“Before, employers didn’t have to do much of anything to find employees,” Taylor said. “They would just come to us.”
Back then, there were enough skilled workers in the pipeline. Today there aren’t. Reasons range from the reluctance of many employers to train workers, to young people not knowing about the good-paying jobs because of the current emphasis placed on going to college.
The Cleveland metro area economy grew by 2.9 percent last year to $139 billion, which was more than any Ohio metro, according to the U.S. Bureau of Economic Analysis. A rebound in manufacturing was a major factor in its growth. The Cleveland metro has the largest economy in Ohio and the 28th largest metro economy in the U.S.
“Middle skills is suffering from a PR problem,” said Nicole Smith, chief economist at the Georgetown University Center on Education and the Workforce, which released the “Good Jobs That Pay without a B.A.” report last year
The misperceptions about blue-collar jobs, such as those in manufacturing, may lead to visions of a dying smokestack industry, where people do backbreaking work in dank conditions.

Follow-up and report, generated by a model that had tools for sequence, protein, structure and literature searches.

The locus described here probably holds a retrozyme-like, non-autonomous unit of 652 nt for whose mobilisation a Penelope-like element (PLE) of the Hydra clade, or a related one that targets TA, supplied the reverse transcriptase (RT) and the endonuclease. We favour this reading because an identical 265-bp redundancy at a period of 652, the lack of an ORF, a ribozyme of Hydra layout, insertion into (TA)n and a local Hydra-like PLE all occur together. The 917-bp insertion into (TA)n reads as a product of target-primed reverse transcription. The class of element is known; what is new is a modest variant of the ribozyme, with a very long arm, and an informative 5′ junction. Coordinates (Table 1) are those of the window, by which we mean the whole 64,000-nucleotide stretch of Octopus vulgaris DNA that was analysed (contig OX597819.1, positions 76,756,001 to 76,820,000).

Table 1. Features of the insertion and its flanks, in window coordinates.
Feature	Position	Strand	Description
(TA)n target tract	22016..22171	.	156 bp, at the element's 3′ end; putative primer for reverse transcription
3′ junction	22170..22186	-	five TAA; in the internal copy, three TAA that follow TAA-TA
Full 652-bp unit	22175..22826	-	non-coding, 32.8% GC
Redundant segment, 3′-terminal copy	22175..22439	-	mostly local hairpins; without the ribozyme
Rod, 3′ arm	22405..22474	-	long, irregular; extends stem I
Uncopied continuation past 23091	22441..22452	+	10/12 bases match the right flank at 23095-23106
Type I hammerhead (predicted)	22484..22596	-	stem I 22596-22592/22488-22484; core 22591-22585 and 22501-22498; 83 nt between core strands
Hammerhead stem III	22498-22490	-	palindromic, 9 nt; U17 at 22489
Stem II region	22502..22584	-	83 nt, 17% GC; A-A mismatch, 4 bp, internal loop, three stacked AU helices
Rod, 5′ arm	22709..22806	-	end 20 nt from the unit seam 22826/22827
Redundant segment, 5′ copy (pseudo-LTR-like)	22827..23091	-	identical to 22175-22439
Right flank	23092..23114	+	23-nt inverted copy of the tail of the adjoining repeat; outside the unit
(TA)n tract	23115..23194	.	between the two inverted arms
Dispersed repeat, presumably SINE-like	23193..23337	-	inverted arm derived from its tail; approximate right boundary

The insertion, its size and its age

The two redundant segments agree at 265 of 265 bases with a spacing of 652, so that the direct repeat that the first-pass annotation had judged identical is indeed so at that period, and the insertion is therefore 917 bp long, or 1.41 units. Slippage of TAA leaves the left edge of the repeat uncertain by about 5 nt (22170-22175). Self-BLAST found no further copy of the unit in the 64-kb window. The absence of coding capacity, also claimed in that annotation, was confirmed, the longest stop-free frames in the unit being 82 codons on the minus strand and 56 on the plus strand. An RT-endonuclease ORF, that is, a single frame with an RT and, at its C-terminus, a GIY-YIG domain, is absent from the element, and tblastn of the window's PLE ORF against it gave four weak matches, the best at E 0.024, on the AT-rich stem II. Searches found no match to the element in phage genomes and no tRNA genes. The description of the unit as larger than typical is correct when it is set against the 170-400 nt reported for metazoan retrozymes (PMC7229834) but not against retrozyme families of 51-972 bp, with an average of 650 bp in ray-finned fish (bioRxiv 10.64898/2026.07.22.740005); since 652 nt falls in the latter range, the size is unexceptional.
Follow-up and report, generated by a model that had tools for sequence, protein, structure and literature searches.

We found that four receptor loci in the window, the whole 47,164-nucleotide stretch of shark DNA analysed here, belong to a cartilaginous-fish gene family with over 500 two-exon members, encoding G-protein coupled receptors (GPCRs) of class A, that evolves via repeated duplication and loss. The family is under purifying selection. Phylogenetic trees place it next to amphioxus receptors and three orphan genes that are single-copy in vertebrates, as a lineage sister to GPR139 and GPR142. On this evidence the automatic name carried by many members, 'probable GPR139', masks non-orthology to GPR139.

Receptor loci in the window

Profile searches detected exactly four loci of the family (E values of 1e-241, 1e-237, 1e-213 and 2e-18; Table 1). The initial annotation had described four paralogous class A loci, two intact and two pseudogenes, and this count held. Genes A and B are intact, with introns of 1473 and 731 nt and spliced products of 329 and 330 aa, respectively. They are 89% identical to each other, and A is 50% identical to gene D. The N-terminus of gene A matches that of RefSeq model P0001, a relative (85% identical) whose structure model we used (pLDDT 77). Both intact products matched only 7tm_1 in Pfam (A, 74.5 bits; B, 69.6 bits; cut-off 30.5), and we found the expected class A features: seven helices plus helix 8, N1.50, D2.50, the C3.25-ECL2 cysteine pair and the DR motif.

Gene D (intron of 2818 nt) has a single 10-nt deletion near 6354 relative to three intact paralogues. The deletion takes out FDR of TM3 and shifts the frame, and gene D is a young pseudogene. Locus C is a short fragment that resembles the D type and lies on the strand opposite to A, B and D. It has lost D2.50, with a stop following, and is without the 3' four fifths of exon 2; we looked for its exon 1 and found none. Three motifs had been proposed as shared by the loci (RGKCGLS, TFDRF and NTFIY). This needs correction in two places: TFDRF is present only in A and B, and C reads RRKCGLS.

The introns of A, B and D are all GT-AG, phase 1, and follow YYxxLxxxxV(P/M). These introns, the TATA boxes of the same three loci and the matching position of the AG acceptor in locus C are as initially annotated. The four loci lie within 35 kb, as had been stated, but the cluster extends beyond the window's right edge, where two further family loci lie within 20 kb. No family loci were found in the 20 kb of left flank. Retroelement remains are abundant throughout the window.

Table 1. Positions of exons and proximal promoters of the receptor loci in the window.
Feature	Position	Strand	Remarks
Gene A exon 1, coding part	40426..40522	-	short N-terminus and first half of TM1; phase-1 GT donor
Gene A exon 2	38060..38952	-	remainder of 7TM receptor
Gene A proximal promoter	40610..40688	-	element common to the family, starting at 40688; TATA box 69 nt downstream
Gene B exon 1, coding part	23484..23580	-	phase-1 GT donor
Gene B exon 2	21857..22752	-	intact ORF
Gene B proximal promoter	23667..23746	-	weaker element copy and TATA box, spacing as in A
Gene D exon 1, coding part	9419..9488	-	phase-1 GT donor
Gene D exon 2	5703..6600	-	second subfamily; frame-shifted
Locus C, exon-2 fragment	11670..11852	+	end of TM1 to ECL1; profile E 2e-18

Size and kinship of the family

“What they don’t see is that advanced manufacturing is so sophisticated now,” she said. “It’s not a lot of hammering. You might be pressing a button or programming a computer.”
Smith said solving the PR problem also entails discussing pay. She said the earnings differential between workers with only a high school diploma and those with middle-skills training is 25 percent. (For those with at least an undergraduate degree it is about 85 percent.)
“Aligning Opportunities in Northeast Ohio,” a report released in May by Team Northeast Ohio, in partnership with the Cleveland Foundation, focused on middle-skill jobs paying at least $23.19 an hour. Among the manufacturing jobs were millwrights, who build and maintain manufacturing equipment, with a median salary of $65,897 and tool and die makers, machinists who makes tools used in the manufacturing process, with a median of $52,268.